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Aqaba Bird Observatory, RSCN spotlights Aqaba as key migratory route for over 1.5 million waterbirds

By JT - Mar 31,2024 - Last updated at Mar 31,2024

Royal Society for the Conservation of Nature (RSCN) and Aqaba Bird Observatory (ABO) say that Aqaba is the world's second most important flyway, serving as a vital region for over 1.5 million migratory waterbirds (Petra photos)

AMMAN — Aqaba is the world's second most important flyway, serving as a vital region for over 1.5 million migratory waterbirds and millions of other bird species on their journey between Eurasia and Africa, according to a recent survey conducted by the Royal Society for the Conservation of Nature (RSCN) and Aqaba Bird Observatory (ABO).

The study highlights Ayla’s essential role as a resting place for migratory birds, based on data from the autumn migration season, emphasising the importance of preserving Ayla’s environmental systems for its long-term sustainability, according to the Jordan News Agency, Petra.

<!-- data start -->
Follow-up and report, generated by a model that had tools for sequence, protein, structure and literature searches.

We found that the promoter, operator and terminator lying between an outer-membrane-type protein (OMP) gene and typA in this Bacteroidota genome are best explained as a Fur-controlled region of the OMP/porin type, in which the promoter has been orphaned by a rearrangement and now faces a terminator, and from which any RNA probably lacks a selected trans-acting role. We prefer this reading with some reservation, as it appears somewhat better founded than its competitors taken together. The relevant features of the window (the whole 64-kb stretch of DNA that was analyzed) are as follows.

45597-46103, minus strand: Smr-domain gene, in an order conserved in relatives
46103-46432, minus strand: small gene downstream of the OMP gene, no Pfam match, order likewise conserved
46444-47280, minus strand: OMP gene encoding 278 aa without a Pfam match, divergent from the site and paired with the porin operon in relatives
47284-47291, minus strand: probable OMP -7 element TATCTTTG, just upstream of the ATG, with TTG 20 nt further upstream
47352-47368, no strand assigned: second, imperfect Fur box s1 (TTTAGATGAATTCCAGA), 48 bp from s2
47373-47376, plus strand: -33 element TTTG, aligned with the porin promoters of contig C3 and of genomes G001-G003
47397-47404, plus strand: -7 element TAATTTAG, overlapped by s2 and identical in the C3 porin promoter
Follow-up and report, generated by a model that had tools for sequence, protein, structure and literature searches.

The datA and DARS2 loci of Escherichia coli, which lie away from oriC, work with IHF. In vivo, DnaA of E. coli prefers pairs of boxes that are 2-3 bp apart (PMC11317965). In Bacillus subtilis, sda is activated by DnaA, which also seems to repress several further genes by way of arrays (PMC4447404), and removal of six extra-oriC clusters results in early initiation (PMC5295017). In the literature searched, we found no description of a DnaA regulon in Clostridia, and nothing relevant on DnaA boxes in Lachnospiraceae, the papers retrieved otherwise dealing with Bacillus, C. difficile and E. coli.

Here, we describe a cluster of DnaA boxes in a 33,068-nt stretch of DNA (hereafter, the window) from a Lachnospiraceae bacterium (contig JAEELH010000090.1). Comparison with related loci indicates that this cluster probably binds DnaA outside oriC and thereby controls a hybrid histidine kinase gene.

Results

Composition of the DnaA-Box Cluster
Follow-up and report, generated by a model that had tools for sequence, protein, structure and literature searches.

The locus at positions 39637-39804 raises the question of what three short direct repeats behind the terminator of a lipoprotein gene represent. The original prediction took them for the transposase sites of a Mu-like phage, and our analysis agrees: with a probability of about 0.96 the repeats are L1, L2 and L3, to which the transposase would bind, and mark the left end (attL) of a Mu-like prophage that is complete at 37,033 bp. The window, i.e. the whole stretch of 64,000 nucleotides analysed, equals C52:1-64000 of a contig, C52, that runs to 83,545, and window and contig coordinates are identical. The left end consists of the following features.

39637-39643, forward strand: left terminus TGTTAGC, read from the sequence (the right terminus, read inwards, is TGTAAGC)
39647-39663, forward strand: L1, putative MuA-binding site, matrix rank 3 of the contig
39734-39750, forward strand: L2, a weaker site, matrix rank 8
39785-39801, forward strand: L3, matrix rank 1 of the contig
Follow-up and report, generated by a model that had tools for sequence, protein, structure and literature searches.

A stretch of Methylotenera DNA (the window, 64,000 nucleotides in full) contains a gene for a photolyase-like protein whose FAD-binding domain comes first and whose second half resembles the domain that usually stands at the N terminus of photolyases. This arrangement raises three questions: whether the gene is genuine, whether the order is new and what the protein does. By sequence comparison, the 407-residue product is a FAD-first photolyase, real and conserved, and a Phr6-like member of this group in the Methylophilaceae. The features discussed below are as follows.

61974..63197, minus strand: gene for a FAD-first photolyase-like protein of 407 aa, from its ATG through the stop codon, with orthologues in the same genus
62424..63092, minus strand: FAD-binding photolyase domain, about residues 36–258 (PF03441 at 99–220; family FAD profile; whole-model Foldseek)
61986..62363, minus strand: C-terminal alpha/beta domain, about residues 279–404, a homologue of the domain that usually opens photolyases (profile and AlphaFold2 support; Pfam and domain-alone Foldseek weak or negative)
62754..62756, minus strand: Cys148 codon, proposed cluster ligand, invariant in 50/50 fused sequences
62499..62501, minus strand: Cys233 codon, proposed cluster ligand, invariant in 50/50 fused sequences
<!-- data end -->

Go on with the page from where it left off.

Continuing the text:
The study also cited Ayla’s ongoing biodiversity conservation efforts, which include providing diverse habitats within the Ayla project, making it a favoured destination for birdwatching enthusiasts.

Sahel Dudin, Ayla’s CEO, noted that over 270 bird species have been documented in key areas, including the ABO and the Ayla project.

Firas Rahahleh, ABO director, noted that the autumn 2023 survey of the Ayla project identified 93 bird species, including four endangered species. One of these is a rare species seldom seen in Jordan. Rahahleh also noted the registration of the Lesser White-fronted Goose, marking only the second sighting in Jordan since its first documentation in 2018.

Rahahleh also reported the presence of the Ferruginous duck in Ayla’s surroundings last November in addition to two other endangered species, the steppe eagle and the lapwing. He also emphasised the urgent need for its protection as an endangered species due to habitat degradation.

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